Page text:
Clove cigarettes where?


Clove cigarettes Effective immediately, the Food and Drug Administration has banned the sale of candy-, fruit- and clove-flavored cigarettes. The move was authorized by the Family Smoking Prevention and Tobacco Control Act, which President Obama signed in June.
Cigarette manufacturers make sweet-flavored cigarettes to attract teens to smoking, Lawrence Deyton, director of the FDA's newly established Center for Tobacco Products, said Tuesday at a news conference.
STUDY: Cigarette makers manipulated menthol to hook teens
ANALYSES: Heart attack rates fall 17% after smoking bans enacted
Though Deyton did not have information about market share, he did say research has shown that 17-year-old smokers are three times more likely to use flavored cigarettes than those over 25. And, FDA Commissioner Margaret Hamburg said, nearly 90% of adults started smoking as teens.
The FDA notified manufacturers of the impending ban last week, Deyton said. Under the new smoking prevention act, he said, Tuesday was the earliest the agency could ban the flavored cigarettes. The ban, however, does not apply to flavored cigars or smokeless tobacco products.
The FDA has set up a toll-free hotline, 877-287-1373, and a website, fda.gov/flavoredtobacco, for consumers if they spot continued sales of the banned cigarettes. Deyton added that the agency has created a team to review reported violations daily.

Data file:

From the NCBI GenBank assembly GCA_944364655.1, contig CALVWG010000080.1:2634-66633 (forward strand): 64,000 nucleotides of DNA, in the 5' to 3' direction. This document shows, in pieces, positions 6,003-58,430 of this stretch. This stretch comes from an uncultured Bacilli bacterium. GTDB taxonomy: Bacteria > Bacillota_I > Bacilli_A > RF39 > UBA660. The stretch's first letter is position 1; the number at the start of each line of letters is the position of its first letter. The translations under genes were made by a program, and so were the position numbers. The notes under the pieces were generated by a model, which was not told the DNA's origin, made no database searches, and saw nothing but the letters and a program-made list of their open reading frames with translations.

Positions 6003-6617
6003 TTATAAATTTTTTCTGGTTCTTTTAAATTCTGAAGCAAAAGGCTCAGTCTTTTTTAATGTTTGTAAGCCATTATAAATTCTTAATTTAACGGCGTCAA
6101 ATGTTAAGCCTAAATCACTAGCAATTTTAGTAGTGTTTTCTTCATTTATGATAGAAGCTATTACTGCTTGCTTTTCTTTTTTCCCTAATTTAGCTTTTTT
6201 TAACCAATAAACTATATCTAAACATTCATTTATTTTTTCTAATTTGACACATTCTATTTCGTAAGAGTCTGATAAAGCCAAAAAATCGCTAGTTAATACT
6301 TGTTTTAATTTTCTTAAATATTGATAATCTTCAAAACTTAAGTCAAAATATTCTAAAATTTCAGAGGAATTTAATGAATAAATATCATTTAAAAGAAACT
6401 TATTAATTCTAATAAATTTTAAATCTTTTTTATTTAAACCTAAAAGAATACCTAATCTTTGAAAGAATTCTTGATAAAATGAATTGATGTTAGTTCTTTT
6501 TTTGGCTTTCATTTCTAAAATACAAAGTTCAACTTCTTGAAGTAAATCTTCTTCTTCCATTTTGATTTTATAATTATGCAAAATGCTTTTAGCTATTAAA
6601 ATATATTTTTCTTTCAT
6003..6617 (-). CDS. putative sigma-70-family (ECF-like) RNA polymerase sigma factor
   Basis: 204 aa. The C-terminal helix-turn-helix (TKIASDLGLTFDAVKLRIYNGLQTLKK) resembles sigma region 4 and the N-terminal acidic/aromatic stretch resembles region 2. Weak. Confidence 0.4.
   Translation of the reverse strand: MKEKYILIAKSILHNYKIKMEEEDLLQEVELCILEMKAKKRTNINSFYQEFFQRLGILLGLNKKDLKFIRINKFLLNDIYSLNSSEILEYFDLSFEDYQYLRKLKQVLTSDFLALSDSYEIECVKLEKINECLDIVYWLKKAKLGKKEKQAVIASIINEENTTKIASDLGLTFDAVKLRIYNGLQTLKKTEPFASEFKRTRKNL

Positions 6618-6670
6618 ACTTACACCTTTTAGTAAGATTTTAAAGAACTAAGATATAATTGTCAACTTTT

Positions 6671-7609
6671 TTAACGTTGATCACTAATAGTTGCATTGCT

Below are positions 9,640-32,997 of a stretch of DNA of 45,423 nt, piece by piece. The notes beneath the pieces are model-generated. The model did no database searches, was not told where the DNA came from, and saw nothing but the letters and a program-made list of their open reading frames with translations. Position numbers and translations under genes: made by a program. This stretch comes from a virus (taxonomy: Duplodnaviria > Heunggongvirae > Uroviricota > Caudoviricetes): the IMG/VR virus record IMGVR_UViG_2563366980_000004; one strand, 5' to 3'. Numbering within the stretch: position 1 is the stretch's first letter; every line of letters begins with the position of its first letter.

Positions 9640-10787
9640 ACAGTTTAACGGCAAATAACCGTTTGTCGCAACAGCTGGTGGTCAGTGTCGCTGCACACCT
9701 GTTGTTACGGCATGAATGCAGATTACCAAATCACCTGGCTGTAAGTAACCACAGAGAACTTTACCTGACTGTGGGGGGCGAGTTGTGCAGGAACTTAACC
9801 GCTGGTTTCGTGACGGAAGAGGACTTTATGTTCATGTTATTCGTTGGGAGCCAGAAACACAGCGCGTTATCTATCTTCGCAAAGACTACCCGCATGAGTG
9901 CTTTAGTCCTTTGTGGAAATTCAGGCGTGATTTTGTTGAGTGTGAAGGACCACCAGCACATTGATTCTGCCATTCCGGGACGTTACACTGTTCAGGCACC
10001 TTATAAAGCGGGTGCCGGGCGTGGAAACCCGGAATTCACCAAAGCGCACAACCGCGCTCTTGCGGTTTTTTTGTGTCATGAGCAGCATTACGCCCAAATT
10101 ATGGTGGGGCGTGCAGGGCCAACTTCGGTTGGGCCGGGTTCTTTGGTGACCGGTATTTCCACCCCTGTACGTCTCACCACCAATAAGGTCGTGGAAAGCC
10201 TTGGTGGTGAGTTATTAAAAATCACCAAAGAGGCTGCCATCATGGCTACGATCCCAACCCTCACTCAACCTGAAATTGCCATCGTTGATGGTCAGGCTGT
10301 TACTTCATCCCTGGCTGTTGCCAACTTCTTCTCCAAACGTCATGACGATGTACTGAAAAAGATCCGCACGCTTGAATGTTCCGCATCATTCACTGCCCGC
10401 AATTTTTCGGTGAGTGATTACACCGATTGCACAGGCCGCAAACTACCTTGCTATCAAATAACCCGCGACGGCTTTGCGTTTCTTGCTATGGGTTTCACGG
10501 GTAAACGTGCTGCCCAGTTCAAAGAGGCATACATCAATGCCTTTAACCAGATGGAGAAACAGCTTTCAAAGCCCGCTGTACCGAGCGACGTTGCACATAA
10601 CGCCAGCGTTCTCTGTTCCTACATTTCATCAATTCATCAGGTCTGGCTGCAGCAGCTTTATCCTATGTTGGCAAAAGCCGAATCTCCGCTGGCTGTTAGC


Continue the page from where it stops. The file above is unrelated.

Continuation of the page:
The ban doesn't include menthol cigarettes, Deyton said. "The law specifically asks us to look at menthol separately."
Menthol cigarettes, preferred by 80% of black smokers and a quarter of white smokers, are growing increasingly popular with teen smokers, says Jonathan Foulds, director of the Tobacco Dependence Program at the University of Medicine & Dentistry of New Jersey-School of Public Health in New Brunswick.
Early this year, clove cigarettes djarum black Foulds co-wrote a study that found menthol cigarettes are harder to quit, particularly among black and Latino smokers. The reason, he says: Menthol makes smoke less harsh, so smokers can take in more nicotine and carbon monoxide per cigarette. The new findings have been surprising, Foulds says. "We all thought until quite recently that menthol was just a neutral flavor."
But he's not surprised that the FDA's first venture into tobacco regulation does not cover menthol cigarettes, because they're far bigger sellers than candy versions. Banning them first, he says, would result in a "pretty major revolt from industry." On its website, Philip Morris USA says it supports banning cigarette flavor varieties "other than tobacco and menthol."


Post a Comment